Ignazio Lupo
Ignazio Lupo mugshot (1941)

Lupo died in 1947 three weeks after his early release from Atlanta. He was later made the sub­ject of the first episode of “Trea­sury Men in Action,” a pop­u­lar 1950s tele­vi­sion series based on the US Trea­sury Depart­ment.32

Lupo death certificate (1947)
Ignazio Lupo death certificate (1947)


1Trial tran­scripts of the US Cir­cuit Court for the Dis­trict of New York, 1790 – 1912. USA vs. Giuseppe Cal­ic­chio et al. p.462 – 465 (Ignazio Lupo testimony) 
4Giuseppe Cal­ic­chio et al. (Ignazio Lupo tes­ti­mo­ny)
Flynn, W. J. (1919). The Bar­rel Mys­tery. New York: The James A. McCann Com­pa­ny. 9
5U.S. Nation­al Archives and Records Admin­is­tra­tion (here­after referred to as NARA), RG 87, Daily Reports of Agents, (here­after referred to as DRA).  William J. Flynn. Vol.6 (May 5, 1902)
The Sait­ta cousin that Lupo worked with was never named. The Secret Ser­vice later noted Lupo vis­it­ing M.L. Sait­ta who ran a gro­cery at 9 Spring Street, “in which there is a back room which is sort of a “hang-out”: NARA, RG 87, DRA.  William J. Flynn. Vol.6 (May 51902
6The Brook­lyn Daily Eagle. Jan 12, 1904. p.20
7NARA, RG 87, DRA. William J. Flynn (Jan 4, 1903)
The Evening World (Jul 24, 1902) 1
New York Times. May 2, 1903.  p.16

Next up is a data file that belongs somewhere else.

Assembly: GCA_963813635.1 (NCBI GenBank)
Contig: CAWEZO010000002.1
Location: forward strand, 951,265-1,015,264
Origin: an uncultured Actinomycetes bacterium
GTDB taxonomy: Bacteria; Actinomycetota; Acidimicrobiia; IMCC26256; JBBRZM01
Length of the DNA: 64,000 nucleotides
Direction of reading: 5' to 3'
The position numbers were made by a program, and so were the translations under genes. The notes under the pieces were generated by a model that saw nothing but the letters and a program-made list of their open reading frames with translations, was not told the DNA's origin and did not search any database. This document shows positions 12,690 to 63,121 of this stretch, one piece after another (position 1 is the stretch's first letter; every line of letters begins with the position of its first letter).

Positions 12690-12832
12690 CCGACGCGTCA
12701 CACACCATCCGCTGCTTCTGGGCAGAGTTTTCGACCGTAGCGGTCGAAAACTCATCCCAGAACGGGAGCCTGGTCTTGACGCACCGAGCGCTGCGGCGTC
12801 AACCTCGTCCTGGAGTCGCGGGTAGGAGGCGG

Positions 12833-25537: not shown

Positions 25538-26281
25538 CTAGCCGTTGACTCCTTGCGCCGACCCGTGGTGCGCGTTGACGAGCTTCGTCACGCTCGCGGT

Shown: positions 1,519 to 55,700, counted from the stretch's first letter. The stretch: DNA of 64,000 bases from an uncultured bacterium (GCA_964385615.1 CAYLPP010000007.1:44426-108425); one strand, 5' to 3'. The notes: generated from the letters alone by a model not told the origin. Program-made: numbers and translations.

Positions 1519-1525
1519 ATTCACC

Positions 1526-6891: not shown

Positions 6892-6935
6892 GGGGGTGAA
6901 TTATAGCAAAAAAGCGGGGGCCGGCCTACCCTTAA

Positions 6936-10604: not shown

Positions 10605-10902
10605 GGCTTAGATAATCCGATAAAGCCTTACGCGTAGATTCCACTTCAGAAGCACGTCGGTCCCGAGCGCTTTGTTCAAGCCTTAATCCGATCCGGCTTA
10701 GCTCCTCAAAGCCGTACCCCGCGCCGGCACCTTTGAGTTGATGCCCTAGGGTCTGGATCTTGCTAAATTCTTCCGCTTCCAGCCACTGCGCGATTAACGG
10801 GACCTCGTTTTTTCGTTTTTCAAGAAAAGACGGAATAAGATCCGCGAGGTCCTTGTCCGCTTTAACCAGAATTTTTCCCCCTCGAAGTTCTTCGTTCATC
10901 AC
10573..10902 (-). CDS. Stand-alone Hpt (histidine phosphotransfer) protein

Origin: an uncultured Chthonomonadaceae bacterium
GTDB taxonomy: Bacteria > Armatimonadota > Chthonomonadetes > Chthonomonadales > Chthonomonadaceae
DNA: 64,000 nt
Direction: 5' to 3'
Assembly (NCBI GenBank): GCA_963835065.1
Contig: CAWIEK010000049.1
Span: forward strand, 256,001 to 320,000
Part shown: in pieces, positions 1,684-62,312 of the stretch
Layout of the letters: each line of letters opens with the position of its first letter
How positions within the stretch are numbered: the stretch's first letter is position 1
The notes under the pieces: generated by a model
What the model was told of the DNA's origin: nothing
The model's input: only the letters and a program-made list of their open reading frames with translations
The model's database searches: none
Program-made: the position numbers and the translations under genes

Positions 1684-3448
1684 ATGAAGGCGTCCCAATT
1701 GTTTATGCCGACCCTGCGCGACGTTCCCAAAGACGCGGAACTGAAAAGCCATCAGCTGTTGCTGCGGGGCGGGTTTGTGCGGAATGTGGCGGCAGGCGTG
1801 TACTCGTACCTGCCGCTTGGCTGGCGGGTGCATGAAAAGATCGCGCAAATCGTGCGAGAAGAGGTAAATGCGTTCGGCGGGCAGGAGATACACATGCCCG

8NARA, RG 87, DRA.  William J. Flynn. (Feb 15 – 171903
9The New York Press. Apr 17, 1903. p.1
10US Cicuit Court for the South­ern Dis­trict of NY. US vs Ignazio Lupo (C2869
US Cicuit Court for the South­ern Dis­trict of NY. US vs Ignazio Lupo and Pietro Inz­er­il­lo (C2870
Flynn, W. J. (1919). The Bar­rel Mys­tery. New York: The James A. McCann Company. 
11The Brook­lyn Daily Eagle. Jan 12, 1904. p.20
12https://www.wikitree.com/wiki/Lupo-69 (Ignazio Lupo — man­aged by Justin Cas­cio) Accessed: 06 – 30-22
https://www.wikitree.com/wiki/Morello-35 (Giuseppe Morel­lo — man­aged by Justin Cas­cio) Accessed: 06 – 30-22
13New York State Pop­u­la­tion Cen­sus, 1905; City: Man­hat­tan; Coun­ty: New York (433 W40th St.)
NARA, RG 87, DRA.  William J. Flynn. (Apr 17, 1903)
Man­hat­tan Mar­riage Cer­tifi­cate #251 (Ignazio Lupo) 
14New York Times, New York. March 20, 1905
Giuseppe Cal­ic­chio et al. p.462 – 465 (John Lupo testimony)